All very well, yet most of what Brit boats catch is exported, while most of what we eat is imported.Telegraph
UK Tells EU it will take 'any measures necessary' to protect fishing waters
UK publishes draft fisheries agreement which had formed basis of tough trade talks with Brussels last week
By James Crisp, Brussels Correspondent 19 May 2020
"British Brexit negotiators have told the European Union that the UK will take any measures necessary within the limits of international law to protect its fishing waters.
On Tuesday, the UK published a draft fisheries agreement which had formed the basis of tough trade talks with Brussels last week.
"Each party may take such measures in conformity with international law as may be necessary to ensure compliance with the provisions of this Agreement by vessels of the other party," the draft agreement reads.
Michael Gove, speaking in the House of Commons, said on Tuesday: "Access to our waters will be on our terms, and the beneficiaries of that will be our fishermen in Cornwall and elsewhere."
In the draft agreement, Britain demands that EU boats apply for a licence to fish in UK waters and that the bloc provides the UK with a list of all vessels eligible to enter British fisheries.
These last two requirements represent a step-change from the status quo, in which EU boats have an automatic right to fish in UK waters.
In February, Britain bolstered the Royal Navy Fishery Protection Squadron by two ships on top of its four River-class offshore patrol vessels and a helicopter.
The British document, based on Norway's fishing agreement with the EU, calls for annual negotiations on fishing opportunities, based on zonal attachment and access to each other's waters. The draft agreement can be suspended on three months notice or cancelled entirely with two years written notice if either side fails to comply with it.
Zonal attachment is a different way of dividing the shares of the allowed catch and is based on where fish are now, rather than the historic catch patterns which form the basis of the EU's Common Fisheries Policy.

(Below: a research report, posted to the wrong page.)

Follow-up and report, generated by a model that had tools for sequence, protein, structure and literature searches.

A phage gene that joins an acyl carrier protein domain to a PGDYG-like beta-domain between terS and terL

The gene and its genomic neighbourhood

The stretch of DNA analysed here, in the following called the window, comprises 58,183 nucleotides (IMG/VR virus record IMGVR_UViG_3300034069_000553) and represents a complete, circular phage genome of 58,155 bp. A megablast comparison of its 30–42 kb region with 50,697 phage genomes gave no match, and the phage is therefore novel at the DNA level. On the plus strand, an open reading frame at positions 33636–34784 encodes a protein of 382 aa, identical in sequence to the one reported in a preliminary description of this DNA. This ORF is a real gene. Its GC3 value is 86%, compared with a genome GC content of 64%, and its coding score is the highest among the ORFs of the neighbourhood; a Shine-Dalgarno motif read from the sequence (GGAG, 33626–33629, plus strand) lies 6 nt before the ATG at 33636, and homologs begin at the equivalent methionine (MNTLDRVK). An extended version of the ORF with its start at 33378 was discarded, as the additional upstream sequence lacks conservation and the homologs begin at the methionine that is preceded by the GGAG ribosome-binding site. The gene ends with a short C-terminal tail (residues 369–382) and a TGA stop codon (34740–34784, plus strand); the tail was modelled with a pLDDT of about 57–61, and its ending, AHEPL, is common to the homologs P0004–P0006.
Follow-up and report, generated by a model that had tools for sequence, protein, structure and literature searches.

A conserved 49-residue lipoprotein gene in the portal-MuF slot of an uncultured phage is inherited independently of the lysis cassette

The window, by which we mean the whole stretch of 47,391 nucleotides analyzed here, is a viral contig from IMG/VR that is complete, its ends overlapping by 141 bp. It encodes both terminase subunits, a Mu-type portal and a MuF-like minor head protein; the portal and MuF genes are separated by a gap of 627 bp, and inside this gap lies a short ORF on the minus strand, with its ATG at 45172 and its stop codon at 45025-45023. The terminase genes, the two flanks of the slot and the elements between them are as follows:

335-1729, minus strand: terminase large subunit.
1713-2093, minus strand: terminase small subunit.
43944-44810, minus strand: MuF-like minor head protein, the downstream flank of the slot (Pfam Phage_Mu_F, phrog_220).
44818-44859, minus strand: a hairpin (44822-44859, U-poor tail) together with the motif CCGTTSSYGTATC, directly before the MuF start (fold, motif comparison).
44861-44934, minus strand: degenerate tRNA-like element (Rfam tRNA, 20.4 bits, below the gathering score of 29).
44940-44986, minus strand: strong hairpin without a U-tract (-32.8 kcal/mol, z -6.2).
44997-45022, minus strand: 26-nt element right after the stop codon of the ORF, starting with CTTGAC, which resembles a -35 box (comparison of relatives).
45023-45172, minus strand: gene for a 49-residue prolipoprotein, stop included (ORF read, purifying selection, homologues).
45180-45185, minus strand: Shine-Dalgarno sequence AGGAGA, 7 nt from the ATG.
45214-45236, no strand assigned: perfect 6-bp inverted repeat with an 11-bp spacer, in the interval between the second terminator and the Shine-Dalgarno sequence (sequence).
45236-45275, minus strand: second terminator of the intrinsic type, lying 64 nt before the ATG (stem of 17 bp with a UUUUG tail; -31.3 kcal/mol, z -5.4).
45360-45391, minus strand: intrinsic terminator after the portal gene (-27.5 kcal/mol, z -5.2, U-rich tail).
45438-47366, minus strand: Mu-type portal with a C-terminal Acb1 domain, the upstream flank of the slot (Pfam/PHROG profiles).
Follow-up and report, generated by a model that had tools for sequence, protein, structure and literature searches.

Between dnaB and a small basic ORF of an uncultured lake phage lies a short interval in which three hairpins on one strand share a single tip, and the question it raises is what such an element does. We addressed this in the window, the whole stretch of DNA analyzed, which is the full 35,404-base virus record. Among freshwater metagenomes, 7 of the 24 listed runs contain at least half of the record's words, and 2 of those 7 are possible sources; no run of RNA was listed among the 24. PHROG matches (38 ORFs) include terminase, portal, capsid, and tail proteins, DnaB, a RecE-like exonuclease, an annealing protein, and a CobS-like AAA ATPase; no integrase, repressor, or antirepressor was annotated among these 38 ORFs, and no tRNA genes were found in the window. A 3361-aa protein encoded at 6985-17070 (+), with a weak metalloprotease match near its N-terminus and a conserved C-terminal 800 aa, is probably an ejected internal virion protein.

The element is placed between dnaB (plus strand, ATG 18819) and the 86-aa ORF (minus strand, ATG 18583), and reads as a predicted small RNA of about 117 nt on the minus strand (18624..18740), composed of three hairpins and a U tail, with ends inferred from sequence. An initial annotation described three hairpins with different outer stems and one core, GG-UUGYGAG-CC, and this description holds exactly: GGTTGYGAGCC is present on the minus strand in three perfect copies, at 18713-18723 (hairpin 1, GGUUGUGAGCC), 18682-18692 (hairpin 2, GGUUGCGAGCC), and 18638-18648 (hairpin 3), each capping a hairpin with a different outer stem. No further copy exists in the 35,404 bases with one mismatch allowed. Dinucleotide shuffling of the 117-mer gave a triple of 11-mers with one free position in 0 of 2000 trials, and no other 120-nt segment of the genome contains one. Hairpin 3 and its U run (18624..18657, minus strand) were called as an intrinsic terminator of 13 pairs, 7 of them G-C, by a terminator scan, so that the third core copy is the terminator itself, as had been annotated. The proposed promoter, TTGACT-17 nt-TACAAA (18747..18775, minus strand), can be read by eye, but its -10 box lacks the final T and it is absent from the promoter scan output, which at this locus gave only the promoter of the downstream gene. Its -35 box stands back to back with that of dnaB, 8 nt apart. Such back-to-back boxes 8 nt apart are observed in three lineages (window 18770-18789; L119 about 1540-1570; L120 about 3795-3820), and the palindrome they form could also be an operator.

Because of climate change, more fish are now in UK waters than was the case when the Common Fisheries Policy was agreed. The EU has demanded continued access to UK waters "under existing conditions" as a condition of the UK-EU free trade agreement.
Michel Barnier, the EU's chief negotiator, has hinted that a compromise could be found but ruled out annual negotiations and zonal attachment.
The last round of negotiations ended in mutual recrimination, with Mr Barnier and David Frost, the UK's chief negotiator, both urging the other to drop their red lines.
British negotiators also demanded that the EU consults with the UK before suspending or freezing out UK financial services from the EU market after Brexit.
The demand for "appropriate consultation" on equivalence decisions that allow non-EU countries access to the Single Market is sure to be rejected by Brussels.
Equivalence can be withdrawn at short notice, in some cases as little as 30 days, which industry figures say denies the sector the certainty it needs to invest.
As part of a draft free trade agreement it published on Tuesday, the UK called for the creation of a Financial Services Committee, which would meet every three months.
The committee would allow for "transparency and appropriate consultation in the process of adoption, suspension and withdrawal of equivalence decisions", the document said.
Brussels has shown a willingness to use equivalence as a political weapon. In July, the European Commission withdrew equivalence for Swiss stock exchanges in a bid to force Berne to renegotiate a treaty with the bloc.
The draft trade agreement exposed the deep divides between the UK and the EU over Brussels’ demand for level playing field guarantees on labour, state aid, tax and the environment.
The UK argues that the EU is asking for far more stringent "level playing field" guarantees than is normal in free trade agreement and that agreeing to them would restrict Britain's ability to diverge from EU rules after Brexit.
The EU says the stricter guarantees over fair competition are needed due to the proximity of the UK’s market and the goal of a zero-tariff, zero-quota free trade agreement. Both sides agree that the issue is a major stumbling block in the trade negotiations.
The EU has called for its state aid laws to continue to hold sway in Britain, with UK laws evolving to match the EU's over time. Such dynamic alignment would happen even though the UK would have no say in the writing of the laws.
It has also demanded that the UK does not fall below current environmental and labour standards.
The British assurances over fair competition are three short paragraphs, which recognise it "inappropriate" to encourage trade or investment by lowering standards.
David Henig, a trade expert and director of the European Centre for International Political Economy think tank, said the trade deal would never be acceptable to the EU and that the level playing field provisions were "flimsy".
He also said some of the British demands went far further than normal for EU trade deals with third countries, despite the UK's insistence to the contrary."
UK publishes draft fisheries agreement which had formed basis of tough trade talks with Brussels last weekwww.telegraph.co.uk
Leave the EU means UK shoots self in fishy foot in both directions: buying and selling.